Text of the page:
On the weekend I was talking with a new friend, Emily about her very busy and chaotic life. A mum with a 4 month old, a 3 year old and a 4 year old. A mum who can’t get to the tidying, sorting, cleaning, cooking in a structured way, because the needs of her small children are such that schedules must flex and move in ways that support the five people in her household. This friend of mine does not have an anxiety disorder but does experience anxiety from time to time. Like most of us. As a group of humans, we are stretched and stressed by major life moments such as a new baby, a new job, divorce/separation, life transitions such as retirement, and death in the family. Often we will have anxious experiences within these life moments. This is completely normal. Emily is prioritizing the needs of her family, over running the household smoothly and it is working for her mostly. Except it is uncomfortable for her to have sticky floors, and unwashed sheets and a car with an odor that just won’t disappear. It’s tempting to use what precious little time she has to herself on overextending herself to deal with those crumbs and handprints. Sometimes, she confessed to me, she gets so fixated on tidying up, that she will stay up until 2am ‘catching up’ and then zombie around the house for the next few days. It’s in days post 2am clean up that she realises that she is feeling anxious about another part of her life, and all she can do is control the housework. Her brain is trying to control her environment so that she can feel ‘safe’ again.
Anxiety can manifest itself in many ways. It can present in an overly functioning ‘perfect’ looking life, or it can create such distress that functioning drops. Anxiety leaves behind a trail of somatic symptoms. That is symptoms that show up in the body. Racing heart, tingling toes, contracting stomach, clenching hands, headaches, and gritted teeth are all common manifestations of anxiety. The person experiencing anxiety usually feels these symptoms and tries to regulate themselves back to homeostasis, or at least a more comfortable version of themselves. In Emily’s case tidying the house reduced the immediate pressure, because her external environment was no longer chaotic. However, the source trigger for her anxiety has not been identified. As you know, feeling anxious is disconcerting and stressful and we are wired to relieve this pressure anyway we can.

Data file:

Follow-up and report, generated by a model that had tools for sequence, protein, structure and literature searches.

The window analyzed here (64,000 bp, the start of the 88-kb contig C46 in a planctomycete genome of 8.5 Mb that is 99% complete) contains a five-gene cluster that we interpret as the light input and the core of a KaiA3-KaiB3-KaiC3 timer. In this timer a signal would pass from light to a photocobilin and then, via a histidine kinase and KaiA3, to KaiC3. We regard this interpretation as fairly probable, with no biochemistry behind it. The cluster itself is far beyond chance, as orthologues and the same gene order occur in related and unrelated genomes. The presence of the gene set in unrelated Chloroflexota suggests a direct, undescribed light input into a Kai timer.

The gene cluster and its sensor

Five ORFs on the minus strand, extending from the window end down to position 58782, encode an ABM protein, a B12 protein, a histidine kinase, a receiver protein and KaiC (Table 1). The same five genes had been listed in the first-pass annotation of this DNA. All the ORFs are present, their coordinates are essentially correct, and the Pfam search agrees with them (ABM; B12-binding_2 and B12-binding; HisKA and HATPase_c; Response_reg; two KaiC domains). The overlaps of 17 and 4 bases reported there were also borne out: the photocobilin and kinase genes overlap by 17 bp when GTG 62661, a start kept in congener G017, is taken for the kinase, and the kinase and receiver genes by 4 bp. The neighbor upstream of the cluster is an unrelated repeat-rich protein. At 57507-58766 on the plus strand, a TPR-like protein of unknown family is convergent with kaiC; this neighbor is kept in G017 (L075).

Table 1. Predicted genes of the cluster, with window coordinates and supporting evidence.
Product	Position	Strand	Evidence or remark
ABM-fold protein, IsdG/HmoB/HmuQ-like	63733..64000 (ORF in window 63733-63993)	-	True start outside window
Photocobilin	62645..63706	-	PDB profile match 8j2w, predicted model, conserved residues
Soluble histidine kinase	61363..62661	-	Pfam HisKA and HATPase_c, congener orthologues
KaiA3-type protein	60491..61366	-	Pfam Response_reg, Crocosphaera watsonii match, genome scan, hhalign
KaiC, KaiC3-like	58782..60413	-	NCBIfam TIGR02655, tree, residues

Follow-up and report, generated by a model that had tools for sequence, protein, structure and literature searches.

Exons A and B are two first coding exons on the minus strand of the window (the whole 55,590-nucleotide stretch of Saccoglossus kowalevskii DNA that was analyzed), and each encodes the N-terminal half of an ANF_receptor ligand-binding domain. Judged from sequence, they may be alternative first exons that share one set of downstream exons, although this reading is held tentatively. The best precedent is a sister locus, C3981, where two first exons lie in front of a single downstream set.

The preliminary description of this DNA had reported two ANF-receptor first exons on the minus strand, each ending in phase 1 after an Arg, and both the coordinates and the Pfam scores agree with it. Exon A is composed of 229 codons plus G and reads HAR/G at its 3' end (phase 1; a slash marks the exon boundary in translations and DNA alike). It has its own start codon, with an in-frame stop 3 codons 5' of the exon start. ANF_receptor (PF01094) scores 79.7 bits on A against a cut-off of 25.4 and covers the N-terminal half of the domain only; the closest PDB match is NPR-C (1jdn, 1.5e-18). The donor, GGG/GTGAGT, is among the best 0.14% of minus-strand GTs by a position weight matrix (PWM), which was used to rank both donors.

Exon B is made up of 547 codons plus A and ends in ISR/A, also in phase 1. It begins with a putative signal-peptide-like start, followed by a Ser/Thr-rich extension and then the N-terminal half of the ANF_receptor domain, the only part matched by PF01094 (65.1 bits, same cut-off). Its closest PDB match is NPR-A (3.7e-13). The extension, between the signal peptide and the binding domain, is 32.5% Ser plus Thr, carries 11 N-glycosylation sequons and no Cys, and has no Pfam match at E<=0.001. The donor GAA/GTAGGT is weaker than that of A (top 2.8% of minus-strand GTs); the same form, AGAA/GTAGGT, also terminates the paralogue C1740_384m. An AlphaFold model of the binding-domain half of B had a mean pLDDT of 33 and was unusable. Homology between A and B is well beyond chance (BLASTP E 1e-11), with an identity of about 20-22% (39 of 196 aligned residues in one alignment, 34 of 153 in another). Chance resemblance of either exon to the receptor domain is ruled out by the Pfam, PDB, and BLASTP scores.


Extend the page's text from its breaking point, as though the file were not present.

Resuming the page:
Let’s talk proven strategies to understand your own anxiety:
1. Notice yourself. This is the most important step. What triggers your anxiety? Is it a person, a situation, a group, a place, a time of day? It’s time to play detective and learn more about yourself. Your body is communicating to you distress that you are feeling on an unconscious level and your goal is to allow it to become conscious.
2. Connect with your body – Once you have identified a trigger, take some quiet time to go into your body and notice how your body is trying to shift the energy around. Place your concentration on those areas that are painful or uncomfortable for you, until the energy moves to another location, or dissipates. When you have your full attention on your body, in an open and loving way, you can receive information or messages that may help in understanding the trigger. It can take some practice to do this seemingly simple task, so keep at it and be gentle with yourself.
3. Soothe – It’s important to invest in strategies that refuel your tanks. I’ve talked before about consciously using adaptive strategies allow more space for healing. Things that give to your body are things you get energy from like a quiet lie down with a snuggly blanket, a soothing cup of tea, a good chat with a friend, reading a book. Maladaptive coping strategies provide an immediate boost, but no lasting benefit (e.g. shopping, smoking, drinking, drugs).
4. Work through – This is the most important. Anxiety shows up to indicate something in your life is out of balance. Oftentimes therapy is the key piece of the jigsaw. Someone you can trust to help you unpack what the triggers are, and where they came from can provide unprecedented relief. Together you can identify coping strategies. Anxiety dissipates when the triggers are limited/removed. This can happen for you through integration – where you make sense of the original event/experience and it folds back into your life.
What does anxiety look like for you?
There is a lot to know and learn about how anxiety presents for you and your loved ones. The best place to get detailed information that is tailored for you is your doctor and psychologist.